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  • Written by Rachel White, PhD candidate and sessional lecturer, University of Sydney
The majority of music students drop out before the end of high school – is the ATAR to blame?

More than half of year 10 music students in NSW dropped the subject by the time they reached year 12. Their teachers said this was so they could choose subjects that would help them get a higher ATAR.

These are the findings of my PhD study where I looked at data across NSW schools and conducted interviews with music teachers.

An average of 56% of students in year 10 music courses dropped out by the time they reached year 12 between 2008 and 2016. This comes to an average of around 7,200 music students lost between year 10 and 12.

Interviews with 50 teachers at 23 schools around NSW – including comprehensive, selective, independent and Catholic – suggest many of their best music students opt for subjects that will perform better when it comes to their ATAR.

Read more: Before you let your child quit music lessons, try these 5 things

Numbers of music students lost

I took figures from every school across NSW that offered music at the Higher School Certificate (HSC) level.

There were 13,005 students taking year 10 music in 2014. This dropped to 7,001 by year 11, in 2015. By the time year 12 rolled around in 2016, only 5,294 of the student cohort were enrolled in an HSC music subject.

That’s an average loss of 58.6% of music students.

The numbers are similar for every year 12 graduating cohort from 2007 to 2015.

Music is often scaled down

Students starting year 11 must choose the subjects they want to study for the next two years. These choices can be made for a range of reasons: what they’re good at, what they’re interested in and what may help them in the future.

But a student may also be aiming to get into a university degree with a particular ATAR cut-off. Then, it may be reasonable, and even somewhat responsible, for that student to consider both what they may be good at and what has historically scaled well, to maximise their chance of getting the ATAR they’re hoping for.

Scaling is the process by which all student marks in HSC courses are adjusted to become “the marks the students would have received if all courses had the same candidature and the same mark distribution”.

Read more: What actually is an ATAR? First of all it's a rank, not a score

This means a mark in one subject, such as music, can be scaled lower than the same mark in another subject, such as physics. For instance, in 2018 in NSW, a total mark of 93 in Music 1 (one of the two senior music courses available) was scaled down to 72.2. While a total mark of 89 in physics was scaled to 84.4.

The Universities Admission Centre’s report on scaling in HSC recommends students don’t “choose courses on the basis of what you believe is the likely effect of scaling”.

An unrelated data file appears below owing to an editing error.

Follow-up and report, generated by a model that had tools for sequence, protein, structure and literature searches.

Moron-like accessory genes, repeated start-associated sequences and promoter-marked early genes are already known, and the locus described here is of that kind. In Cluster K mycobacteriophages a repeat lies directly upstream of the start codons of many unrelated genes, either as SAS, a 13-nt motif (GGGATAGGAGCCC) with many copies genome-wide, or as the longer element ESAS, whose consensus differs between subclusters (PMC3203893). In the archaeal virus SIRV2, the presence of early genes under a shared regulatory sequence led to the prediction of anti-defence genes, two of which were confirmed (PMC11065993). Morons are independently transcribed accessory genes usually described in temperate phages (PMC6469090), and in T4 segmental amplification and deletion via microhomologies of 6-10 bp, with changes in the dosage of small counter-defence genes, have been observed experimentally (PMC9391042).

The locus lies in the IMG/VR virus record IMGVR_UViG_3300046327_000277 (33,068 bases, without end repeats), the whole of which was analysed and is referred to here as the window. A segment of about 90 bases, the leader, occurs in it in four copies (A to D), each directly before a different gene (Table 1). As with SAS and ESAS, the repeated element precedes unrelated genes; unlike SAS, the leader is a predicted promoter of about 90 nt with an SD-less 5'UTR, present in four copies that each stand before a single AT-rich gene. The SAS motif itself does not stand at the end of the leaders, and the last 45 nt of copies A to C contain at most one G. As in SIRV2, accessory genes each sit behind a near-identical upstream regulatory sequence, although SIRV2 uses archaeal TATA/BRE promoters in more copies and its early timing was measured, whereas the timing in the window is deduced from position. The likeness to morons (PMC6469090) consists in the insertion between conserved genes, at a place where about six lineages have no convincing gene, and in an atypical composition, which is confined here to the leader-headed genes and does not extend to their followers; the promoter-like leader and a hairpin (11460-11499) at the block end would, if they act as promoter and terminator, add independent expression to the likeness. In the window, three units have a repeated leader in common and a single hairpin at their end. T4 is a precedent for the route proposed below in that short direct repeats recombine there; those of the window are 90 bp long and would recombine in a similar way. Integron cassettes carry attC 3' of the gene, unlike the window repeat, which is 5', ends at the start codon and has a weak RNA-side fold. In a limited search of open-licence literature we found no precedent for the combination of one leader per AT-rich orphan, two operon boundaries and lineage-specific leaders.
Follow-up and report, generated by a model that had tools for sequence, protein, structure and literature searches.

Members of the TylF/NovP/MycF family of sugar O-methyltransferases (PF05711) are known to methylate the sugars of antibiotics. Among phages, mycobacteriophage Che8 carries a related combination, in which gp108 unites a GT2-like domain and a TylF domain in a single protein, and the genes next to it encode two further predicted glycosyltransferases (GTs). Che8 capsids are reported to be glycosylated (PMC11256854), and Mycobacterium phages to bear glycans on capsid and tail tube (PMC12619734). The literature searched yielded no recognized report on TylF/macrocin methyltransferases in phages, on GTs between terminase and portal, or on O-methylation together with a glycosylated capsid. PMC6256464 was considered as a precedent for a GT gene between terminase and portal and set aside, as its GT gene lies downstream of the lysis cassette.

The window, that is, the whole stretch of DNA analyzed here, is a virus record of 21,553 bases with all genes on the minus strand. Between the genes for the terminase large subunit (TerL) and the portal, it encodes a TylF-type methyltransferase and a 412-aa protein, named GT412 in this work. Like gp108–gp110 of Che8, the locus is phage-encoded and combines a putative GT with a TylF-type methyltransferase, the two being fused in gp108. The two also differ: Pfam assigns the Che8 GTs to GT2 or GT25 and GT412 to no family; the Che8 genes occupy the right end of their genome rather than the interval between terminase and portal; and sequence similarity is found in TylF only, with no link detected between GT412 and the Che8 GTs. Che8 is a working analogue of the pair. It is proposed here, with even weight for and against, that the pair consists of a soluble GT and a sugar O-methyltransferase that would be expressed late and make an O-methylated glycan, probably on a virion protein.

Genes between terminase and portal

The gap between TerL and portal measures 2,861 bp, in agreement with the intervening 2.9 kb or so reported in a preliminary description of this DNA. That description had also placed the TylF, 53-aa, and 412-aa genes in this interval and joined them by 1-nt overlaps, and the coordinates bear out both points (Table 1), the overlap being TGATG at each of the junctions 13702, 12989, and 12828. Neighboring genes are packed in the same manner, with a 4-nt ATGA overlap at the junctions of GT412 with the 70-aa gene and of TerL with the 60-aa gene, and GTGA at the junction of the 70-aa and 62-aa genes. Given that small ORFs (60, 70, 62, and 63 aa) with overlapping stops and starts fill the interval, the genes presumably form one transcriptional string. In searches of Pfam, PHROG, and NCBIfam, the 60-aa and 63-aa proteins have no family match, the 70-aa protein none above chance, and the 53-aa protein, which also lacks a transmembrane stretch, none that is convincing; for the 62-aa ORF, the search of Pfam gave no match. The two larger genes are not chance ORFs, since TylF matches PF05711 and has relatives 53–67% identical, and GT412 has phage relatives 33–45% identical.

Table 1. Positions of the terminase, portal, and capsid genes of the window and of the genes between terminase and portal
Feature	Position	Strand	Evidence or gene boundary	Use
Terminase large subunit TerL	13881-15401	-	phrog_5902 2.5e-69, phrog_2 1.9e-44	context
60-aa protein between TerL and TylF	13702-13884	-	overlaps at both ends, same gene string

But students also have access to online ATAR calculators where they can put their predicted marks in for their subjects to determine where their ATAR will most likely lie, and to see how those marks have scaled in previous years.

It’s reasonable then, for a student to use such information to decide which subjects they should pursue for their HSC.

Read more: Does the Suzuki method work for kids learning an instrument? Parental involvement is good, but other aspects less so

What teachers said

Several of the teachers I interviewed acknowledged the ATAR effect on music enrolments.

One said music was a “negative drag on the ATAR”. Another said Music 1 is “just going to lower your ATAR”. One teacher told me music was “not rated very highly among the ATAR”.

One teacher said a particular student was advised by her curriculum co-ordinator to drop music so she could get the ATAR to become a doctor. And another teacher was constantly losing music students at his school because of the perception of scaling.

The teacher said

I’ve lost a lot of very good musicians to science and maths, because they’ve decided to drop the subject, which has been pretty devastating at times.

Teachers should consider allowing their high performing music students to complete their HSC music course early, in Year 11. This is known as acceleration.

As one teacher put it, accelerating high-achieving music students allows them to get their Band 6 (meaning they’ve received a mark from 90-100) for music so they can focus on other subjects in year 12. A student’s ATAR in NSW is calculated from their best ten units, including English. Going into year 12 with two units already completed can alleviate study time and boost confidence.

Some schools in NSW already use the acceleration option for music students. It allows their musically gifted students to still keep music as a HSC subject, and helps maintain healthy senior music cohorts at their school.

According to my analysis, around 20% of schools in NSW offer accelerated courses in the HSC for courses including modern history, studies of religion, physics, economics and, most commonly, mathematics.

Given this prevalence of acceleration, particularly in the HSC, teachers and schools should consider this a reasonable and achievable strategy to accommodate their musically gifted students.

Authors: Rachel White, PhD candidate and sessional lecturer, University of Sydney

Read more http://theconversation.com/the-majority-of-music-students-drop-out-before-the-end-of-high-school-is-the-atar-to-blame-126350

The problem with arts funding in Australia goes right back to its inception


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